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Before You Eat That Python . . .

Rene Price pretty well ruined my save-the-Everglades-from-scary-slithering-exotic-species project, with a rather acute observation. Pollution has likely turned our local pythons into living thermometers. Rene noted:

      I enjoyed your article today on the very creative way of diminishing the explosion of exotic snakes in the Everglades.  However, there is a fatal flaw in your suggestion of having chefs produce an enticing snake dish.

      Mercury levels are high in all species in the Everglades. The Florida Department of Health recommends that some fish species from the Everglades be eaten only once a month. And that some species such as Bass and Snook not be eaten at all by young women and children.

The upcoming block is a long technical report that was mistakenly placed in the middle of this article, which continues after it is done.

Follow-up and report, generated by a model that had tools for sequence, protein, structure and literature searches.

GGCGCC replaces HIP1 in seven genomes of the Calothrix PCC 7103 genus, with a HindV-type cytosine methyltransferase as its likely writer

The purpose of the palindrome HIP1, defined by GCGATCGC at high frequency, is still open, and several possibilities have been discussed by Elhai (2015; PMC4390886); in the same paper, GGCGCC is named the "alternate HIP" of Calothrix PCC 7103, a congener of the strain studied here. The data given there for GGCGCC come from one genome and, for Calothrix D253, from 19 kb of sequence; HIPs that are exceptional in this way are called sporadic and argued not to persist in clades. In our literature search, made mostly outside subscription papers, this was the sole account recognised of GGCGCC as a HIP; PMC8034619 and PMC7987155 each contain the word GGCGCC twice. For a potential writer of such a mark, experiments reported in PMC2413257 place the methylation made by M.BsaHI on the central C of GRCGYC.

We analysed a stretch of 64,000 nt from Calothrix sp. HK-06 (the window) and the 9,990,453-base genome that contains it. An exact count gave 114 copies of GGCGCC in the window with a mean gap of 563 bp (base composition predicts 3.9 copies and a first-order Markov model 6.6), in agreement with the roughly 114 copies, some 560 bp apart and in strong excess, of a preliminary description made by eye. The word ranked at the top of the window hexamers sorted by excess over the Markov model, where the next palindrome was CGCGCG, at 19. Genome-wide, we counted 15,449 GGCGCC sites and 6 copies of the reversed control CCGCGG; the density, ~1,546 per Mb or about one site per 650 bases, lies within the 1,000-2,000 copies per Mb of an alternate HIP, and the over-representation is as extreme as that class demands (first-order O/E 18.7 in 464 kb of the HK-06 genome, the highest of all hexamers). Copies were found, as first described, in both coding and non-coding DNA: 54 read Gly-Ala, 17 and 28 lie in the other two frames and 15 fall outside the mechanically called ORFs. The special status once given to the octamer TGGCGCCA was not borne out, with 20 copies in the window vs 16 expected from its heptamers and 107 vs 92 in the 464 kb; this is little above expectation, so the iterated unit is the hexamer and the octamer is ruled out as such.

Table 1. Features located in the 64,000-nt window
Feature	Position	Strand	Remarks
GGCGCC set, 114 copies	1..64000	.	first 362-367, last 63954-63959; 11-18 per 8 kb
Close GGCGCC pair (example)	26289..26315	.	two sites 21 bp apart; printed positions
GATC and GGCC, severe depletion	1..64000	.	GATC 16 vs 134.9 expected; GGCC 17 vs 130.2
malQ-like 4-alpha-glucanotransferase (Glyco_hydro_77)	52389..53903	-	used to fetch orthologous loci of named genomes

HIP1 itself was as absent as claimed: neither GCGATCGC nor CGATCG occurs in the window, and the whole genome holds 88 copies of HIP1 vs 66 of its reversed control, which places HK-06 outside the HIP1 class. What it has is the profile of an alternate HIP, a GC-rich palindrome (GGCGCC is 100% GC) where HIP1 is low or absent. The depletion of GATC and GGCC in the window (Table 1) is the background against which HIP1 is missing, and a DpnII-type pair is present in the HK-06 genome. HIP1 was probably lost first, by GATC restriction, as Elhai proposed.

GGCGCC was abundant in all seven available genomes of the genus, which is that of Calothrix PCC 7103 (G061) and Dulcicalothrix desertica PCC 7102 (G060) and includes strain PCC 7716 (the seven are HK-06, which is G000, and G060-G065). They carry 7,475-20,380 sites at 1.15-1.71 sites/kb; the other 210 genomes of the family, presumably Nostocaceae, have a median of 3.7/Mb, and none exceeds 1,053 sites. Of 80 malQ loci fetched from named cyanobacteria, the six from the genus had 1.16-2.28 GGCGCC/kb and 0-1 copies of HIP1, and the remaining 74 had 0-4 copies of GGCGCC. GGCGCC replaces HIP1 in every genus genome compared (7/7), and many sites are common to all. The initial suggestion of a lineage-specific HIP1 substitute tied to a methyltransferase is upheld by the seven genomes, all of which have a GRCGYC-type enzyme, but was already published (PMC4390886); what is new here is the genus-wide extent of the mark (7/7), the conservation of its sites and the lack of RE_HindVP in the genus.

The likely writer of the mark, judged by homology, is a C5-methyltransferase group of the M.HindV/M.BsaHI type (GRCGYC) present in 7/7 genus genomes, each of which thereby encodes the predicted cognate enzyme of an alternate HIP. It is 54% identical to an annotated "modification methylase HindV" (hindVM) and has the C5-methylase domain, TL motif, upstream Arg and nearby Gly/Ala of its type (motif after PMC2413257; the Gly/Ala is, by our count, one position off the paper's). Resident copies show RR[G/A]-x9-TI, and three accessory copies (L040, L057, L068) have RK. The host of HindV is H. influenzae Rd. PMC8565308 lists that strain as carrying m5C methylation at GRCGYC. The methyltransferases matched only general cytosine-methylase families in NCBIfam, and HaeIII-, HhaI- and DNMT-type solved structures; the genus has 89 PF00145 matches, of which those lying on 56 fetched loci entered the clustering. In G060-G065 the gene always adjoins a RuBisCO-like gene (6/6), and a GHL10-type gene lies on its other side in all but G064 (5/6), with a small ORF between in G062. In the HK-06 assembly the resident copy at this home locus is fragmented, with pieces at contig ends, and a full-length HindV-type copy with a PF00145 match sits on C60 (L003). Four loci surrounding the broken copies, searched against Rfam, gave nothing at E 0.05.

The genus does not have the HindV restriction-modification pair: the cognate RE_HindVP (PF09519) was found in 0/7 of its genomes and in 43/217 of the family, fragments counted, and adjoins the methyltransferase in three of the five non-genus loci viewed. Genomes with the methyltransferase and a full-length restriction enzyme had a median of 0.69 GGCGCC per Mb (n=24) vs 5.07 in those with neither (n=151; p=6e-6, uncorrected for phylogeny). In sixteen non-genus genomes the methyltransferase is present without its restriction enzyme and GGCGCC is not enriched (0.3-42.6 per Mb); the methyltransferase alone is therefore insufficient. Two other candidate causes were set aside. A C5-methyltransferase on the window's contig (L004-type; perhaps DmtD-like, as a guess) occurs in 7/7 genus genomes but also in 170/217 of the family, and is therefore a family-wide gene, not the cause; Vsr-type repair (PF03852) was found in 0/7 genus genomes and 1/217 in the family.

Mercury levels bio-accumulate up the food chain, so snakes which are close to the top of the food chain are expected to have high levels of mercury, although I haven't heard of anyone determining their mercury content yet.

      Your suggestion, however, may entice some scientists to determine the mercury content of those snakes.

      Thanks Rene. And so much for my great idea. I suppose, given the risk of turning Burmese pythons into haute cuisine, we should save them to feed only to tourists. 

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ericmiami

Maybe they would make a dandy thermometer?

Sandra

Ahh, Fred!For shame wanting to feed them to the tourists....as I am one!
Of course, I hates snakes as the saying goes, so offering it on the menu wouldn't wrap that dish around my heart.But then again, you could get a deal, the old squeeze play--two for one-- have your temperature taken while you fill your stomach.

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